The word Apartheid comes from the Afrikaans word for “apartness.” There was a very bleak period in South Africa starting in 1948 when the government began to overwhelmingly develop new policies that would create significantly high levels of racial discrimination against black men and white women. This period of time come to be known as apartheid, which was more or less an economic system designed to restrict what black people would be able to do on both economic and social levels.
The seeds of apartheid were first planted at the very beginning of the nation’s origins, back when the English and Dutch settled in the country in the 17th century. In the 1940s, the National Party began to campaign for the advocacy of the white race within South Africa. Dr. Daniel Francis Malan led the charge to unify whites so that they could come into power. His party ended up winning the election and seized power of the South African government. This would enable them to enact many racist and separatist policies.
From the time that the National Party came into power, racially restricting laws became the norm. Interracial marriages were banned, specific jobs were deemed to be white only and physical appearance quickly became the only way to solidify one’s status in the country. These policies were intense and far-reaching. They would even go as far as to require blacks to carry pass books with them in order to access areas that were designated as “non-black.”
Apartheid laws essentially seized almost all land from blacks and redistributed it to whites so that they could live comfortable and productive lives. Nearly 87 percent of all land was given to whites, leaving black citizens with a paltry 13 percent of territory for them to farm. Not only that, but they were restricted to specific areas where they were unable to leave without appropriate permission.
Those who spoke out against apartheid were quickly silenced either through excessive fines, arrest or even whipping. The black man was unable to speak loudly about the injustices being perpetrated against him, primarily because he was too busy trying to fight for his own survival. The Public Safety and Criminal Law Amendment made sure that the South African government would have the power to declare any individual who spoke out against them as enemies of the state and treat them as such.
The biggest act of indecency by this racist and powerful government was the passing of the Bantu Authorities Act. The Bantu Act essentially created specific areas of land known as homelands for black Africans. These areas would be where the South African black individual would be forced to give up their citizenship in order to become members of these homelands. This would more or less revoke their ability to vote, despite the fact that they still technically lived in South Africa.
Four homelands were created by the South African government, which would in effect remove nearly nine million blacks from having the ability to participate in South African politics. This strategy by the Nationalist Party was known as Grand Apartheid, because it involved helping separate the blacks from the whites. While the national party tried their best to explain the moral reasoning behind their decision to revoke power from all non-whites, this quickly became seen by the majority of the world as wildly inappropriate.
World War 2 had created a startling picture of what the ultimate conclusion of racism was: total and unwarranted destruction of human life. There was a significant amount of political pressure that was placed upon the South African government by the United Nations, but that pressure went unanswered for the longest time. There was no moral impetus for these people to allow for equal rights within the black and Indian community.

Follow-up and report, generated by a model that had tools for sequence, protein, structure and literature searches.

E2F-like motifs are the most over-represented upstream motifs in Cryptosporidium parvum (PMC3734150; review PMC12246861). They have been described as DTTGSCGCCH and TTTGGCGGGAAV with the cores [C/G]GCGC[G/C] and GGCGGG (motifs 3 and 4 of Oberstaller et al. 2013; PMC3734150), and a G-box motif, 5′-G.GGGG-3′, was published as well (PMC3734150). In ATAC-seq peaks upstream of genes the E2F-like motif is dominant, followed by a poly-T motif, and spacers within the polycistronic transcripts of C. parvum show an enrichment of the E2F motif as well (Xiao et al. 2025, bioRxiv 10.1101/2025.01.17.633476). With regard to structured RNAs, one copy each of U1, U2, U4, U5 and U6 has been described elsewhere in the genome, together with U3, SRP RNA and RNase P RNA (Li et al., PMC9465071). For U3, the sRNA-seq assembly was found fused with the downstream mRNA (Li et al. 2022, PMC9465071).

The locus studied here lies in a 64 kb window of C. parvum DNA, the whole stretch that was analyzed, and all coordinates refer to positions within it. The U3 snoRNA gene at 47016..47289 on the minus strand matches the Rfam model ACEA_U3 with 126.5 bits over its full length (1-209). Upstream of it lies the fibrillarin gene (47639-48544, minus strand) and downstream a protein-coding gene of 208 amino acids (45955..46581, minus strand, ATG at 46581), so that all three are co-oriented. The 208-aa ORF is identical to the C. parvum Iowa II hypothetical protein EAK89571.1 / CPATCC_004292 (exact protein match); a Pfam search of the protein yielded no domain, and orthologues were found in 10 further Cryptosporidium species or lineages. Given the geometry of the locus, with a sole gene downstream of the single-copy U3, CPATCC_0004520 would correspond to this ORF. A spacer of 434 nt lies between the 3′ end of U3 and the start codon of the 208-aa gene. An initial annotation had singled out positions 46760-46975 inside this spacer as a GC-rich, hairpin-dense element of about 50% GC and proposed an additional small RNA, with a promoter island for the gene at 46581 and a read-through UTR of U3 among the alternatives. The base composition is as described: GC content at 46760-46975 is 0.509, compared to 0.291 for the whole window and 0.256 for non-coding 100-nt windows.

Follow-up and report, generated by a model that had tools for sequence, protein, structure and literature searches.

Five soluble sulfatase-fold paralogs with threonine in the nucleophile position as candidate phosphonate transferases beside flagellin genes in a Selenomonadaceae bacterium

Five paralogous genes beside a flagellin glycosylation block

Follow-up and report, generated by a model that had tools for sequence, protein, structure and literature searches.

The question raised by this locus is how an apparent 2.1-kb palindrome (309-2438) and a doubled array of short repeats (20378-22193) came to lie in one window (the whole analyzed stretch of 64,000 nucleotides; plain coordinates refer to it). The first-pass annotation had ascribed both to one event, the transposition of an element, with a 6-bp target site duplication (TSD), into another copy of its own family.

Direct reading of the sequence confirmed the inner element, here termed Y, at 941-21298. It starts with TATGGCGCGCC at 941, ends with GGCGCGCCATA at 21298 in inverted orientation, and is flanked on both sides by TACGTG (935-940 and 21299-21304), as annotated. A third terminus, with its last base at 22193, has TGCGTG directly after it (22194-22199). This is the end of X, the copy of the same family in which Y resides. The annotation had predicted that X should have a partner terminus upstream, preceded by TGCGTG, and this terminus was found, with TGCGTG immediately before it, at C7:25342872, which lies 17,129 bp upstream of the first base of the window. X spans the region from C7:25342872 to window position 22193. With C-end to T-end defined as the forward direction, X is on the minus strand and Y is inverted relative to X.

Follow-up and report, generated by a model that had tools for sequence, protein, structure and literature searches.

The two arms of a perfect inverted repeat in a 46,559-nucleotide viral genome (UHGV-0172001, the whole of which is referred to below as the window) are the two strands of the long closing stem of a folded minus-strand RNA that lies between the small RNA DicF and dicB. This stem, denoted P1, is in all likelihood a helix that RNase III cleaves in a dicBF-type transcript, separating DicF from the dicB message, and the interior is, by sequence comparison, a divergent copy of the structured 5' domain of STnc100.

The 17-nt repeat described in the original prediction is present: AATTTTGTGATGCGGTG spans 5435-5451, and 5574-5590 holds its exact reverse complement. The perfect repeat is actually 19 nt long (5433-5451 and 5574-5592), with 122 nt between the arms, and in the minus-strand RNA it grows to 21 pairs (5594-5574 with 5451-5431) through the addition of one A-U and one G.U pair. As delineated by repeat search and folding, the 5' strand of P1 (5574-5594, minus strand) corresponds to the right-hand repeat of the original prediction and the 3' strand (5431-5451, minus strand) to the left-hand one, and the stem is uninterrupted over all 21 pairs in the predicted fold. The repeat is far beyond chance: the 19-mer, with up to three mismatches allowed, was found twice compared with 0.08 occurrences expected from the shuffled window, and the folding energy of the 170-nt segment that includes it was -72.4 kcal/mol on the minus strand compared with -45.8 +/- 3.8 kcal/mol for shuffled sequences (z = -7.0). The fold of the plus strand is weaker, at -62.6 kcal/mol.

To make matters far worse, the South African government did not handle sedition and disagreement with civility. Instead, they utilized violence as a method to control those who refused to follow through with the policies that they had created. For those who would dissent, they were often taken captive and tortured thoroughly. Mass protests would be met with supreme violence. On March 21st, 1960, several thousand black protestors arrived at the Sharpeville police station so that they could protest the existence of the passbook laws. These protests were met with attempts by the government to disperse the crowds. This did not work, however, for neither teargas nor jets passing above could convince the disenfranchised black man to step down from his protests. So, the police responded by shooting at the protestors, killing a grand total of 69 causalities and many more injuries. The government merely claimed that the soldiers who opened fire upon unarmed black protestors were fatigued and panicked. This became known as the Sharpeville Massacre.
The government used the Massacre as an excuse to call for a state of emergency, arresting thousands upon thousands of black men that they believed would be problems for them in the long run. The civil organizations that had been working hard to resist the government’s racists policies were banned from existing. Members of the resistance were forced into hiding, but they would not be deterred from finding some way to stop the racist government from oppressing them.
The United Democratic Front was assembled as a way to counter the apartheid policies that were being enforced. Among the members was Nelson Mandela, an outspoken revolutionary who believed that Apartheid was a great evil that must be ended at all costs. Nelson’s actions were legendary for he did not believe in principles of non-violence, but rather had come to the conclusion that the only way his people could ever be free was for the South African government to be overthrown.
Mandela had been responsible for the creation of the Mandela Plan, which was a method of enacting guerilla warfare and terrorist acts against the South African government. As members of the African National Congress, Nelson Mandela was part of an armed organization known as the MK. The MK would carry out the Mandela Plan and sabotage many different sections of the South African government so that they could enforce their own rule. However, Mandela did not believe in killing and instead focused on methods of sabotage that did not involve the deaths of others.